Drawing on the findings of Southall Black Sisters and the NSPCC report, as well as on my experience of supporting my constituents, I wish to mention some of the issues that make the experience of black and minority ethnic women different. First, there is the real problem of social isolation. Women who might only recently have arrived in the UK, or who are at home with young children, are by definition isolated. Walking out of their home because of the violence of a partner is difficult for any woman, but for those who have come from abroad and depend wholly on their in-laws, it is perhaps doubly hard.
There are also language problems. I know that we have policies about people learning English, but the reality is that a young wife coming from abroad may not be able to access information or services easily. It is not only language that can be a barrier. There can be cultural barriers that women have to overcome before they act on a completely unacceptable situation. They might not know their rights, and despite the Foreign Office’s work in some countries to provide information, they still might not be aware that they do not have to tolerate what happens to them. They might not want to go outside the family, and they might not know that they should go to the police. The result, as set out in the NSPCC report, is that women from the south Asian community remain in abusive relationships for an average of at least 10 years before even seeking help.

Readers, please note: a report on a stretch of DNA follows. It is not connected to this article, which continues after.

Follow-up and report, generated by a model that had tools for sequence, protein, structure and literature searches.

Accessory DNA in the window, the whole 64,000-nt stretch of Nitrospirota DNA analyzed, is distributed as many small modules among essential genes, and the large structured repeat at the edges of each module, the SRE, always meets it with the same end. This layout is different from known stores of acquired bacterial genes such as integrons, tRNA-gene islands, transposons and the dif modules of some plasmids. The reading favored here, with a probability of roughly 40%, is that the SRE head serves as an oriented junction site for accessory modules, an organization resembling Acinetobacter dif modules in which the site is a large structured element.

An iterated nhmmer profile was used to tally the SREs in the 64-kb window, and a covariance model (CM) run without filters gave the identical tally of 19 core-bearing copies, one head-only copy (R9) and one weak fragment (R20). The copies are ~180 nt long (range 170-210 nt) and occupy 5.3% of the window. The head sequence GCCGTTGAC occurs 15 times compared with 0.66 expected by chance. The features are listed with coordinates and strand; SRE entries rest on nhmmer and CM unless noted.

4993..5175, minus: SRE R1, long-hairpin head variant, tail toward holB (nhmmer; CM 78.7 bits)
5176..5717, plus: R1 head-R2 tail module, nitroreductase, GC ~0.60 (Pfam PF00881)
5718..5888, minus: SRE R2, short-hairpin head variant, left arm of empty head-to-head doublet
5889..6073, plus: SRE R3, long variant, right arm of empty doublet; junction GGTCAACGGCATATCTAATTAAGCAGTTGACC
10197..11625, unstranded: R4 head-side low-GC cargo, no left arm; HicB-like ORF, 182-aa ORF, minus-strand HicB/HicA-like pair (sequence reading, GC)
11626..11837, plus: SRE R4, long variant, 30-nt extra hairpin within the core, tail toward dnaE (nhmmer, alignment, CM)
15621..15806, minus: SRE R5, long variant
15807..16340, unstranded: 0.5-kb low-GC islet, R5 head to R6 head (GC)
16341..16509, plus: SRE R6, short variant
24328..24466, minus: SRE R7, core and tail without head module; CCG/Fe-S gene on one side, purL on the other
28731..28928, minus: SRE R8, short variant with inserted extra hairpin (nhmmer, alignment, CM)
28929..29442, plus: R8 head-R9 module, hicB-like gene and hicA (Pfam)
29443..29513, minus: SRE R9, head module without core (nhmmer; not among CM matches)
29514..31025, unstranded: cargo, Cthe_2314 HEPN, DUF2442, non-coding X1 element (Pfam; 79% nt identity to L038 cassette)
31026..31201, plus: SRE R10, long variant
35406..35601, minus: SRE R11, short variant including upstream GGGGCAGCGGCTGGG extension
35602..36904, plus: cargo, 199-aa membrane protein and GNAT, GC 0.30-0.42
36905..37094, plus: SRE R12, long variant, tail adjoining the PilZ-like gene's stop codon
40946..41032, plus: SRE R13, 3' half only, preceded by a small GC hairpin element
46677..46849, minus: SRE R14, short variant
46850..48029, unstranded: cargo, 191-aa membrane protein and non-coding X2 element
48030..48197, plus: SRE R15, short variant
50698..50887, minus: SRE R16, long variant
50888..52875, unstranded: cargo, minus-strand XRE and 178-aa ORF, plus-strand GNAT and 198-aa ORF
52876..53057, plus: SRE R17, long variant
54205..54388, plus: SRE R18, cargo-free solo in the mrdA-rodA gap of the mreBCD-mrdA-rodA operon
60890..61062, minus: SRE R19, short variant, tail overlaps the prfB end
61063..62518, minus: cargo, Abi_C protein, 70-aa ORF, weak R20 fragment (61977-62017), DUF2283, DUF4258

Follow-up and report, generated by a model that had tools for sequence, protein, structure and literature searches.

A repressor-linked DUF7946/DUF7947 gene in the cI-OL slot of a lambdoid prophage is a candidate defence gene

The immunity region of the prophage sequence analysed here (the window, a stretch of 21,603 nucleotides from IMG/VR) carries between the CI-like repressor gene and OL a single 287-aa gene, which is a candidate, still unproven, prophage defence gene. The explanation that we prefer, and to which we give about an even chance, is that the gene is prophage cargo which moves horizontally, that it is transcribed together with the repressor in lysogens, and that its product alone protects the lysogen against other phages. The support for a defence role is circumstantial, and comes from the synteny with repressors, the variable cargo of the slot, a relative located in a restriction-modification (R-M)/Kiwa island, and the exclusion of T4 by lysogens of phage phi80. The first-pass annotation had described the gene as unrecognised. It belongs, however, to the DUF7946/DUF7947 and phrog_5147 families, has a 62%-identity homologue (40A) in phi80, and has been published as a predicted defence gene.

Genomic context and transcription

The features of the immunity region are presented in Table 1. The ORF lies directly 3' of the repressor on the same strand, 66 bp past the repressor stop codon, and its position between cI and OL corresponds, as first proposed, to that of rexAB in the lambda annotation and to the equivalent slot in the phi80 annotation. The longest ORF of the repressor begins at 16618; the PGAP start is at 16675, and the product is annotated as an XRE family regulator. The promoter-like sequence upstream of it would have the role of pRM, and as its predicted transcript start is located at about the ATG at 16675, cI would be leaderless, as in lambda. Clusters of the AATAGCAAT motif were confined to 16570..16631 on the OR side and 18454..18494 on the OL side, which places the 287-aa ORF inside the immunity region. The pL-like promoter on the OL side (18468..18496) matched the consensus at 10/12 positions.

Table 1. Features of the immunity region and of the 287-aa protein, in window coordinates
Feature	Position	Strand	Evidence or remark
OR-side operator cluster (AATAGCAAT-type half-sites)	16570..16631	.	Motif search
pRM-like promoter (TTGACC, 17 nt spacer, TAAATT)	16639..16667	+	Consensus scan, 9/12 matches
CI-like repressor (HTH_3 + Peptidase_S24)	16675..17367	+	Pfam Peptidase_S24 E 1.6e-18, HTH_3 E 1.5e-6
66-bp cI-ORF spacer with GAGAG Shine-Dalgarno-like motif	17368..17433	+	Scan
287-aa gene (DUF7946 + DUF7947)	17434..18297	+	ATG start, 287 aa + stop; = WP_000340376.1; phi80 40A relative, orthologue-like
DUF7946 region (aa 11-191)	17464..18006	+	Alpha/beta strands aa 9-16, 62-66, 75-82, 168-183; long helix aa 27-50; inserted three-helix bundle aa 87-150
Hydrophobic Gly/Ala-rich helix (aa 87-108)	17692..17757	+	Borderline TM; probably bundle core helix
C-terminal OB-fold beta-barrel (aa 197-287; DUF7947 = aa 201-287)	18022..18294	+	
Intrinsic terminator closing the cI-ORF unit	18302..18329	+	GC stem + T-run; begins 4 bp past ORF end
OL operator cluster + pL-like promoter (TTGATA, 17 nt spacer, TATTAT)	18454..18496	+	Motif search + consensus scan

Immigration status is another of the biggest problems. I find, as I am sure my hon. Friend the Member for Ealing, Southall (Mr. Sharma) and other Members do, that a number of women come over on a spousal visa but then do not apply for indefinite leave to remain, normally because they leave that to their in-laws. Often when they leave the marital home, it is without indefinite leave and often without their passport, which they have handed in. Sometimes their visa has expired.
The Government have rightly created a procedure for fast-tracking the immigration status of domestic violence victims, but for a number of women there is still real fear that if they leave the marital home, they will end up being deported. In addition, although the procedures can work extremely well, it can be hard for women who have been isolated in the home to get the evidence that they need to prove the domestic violence.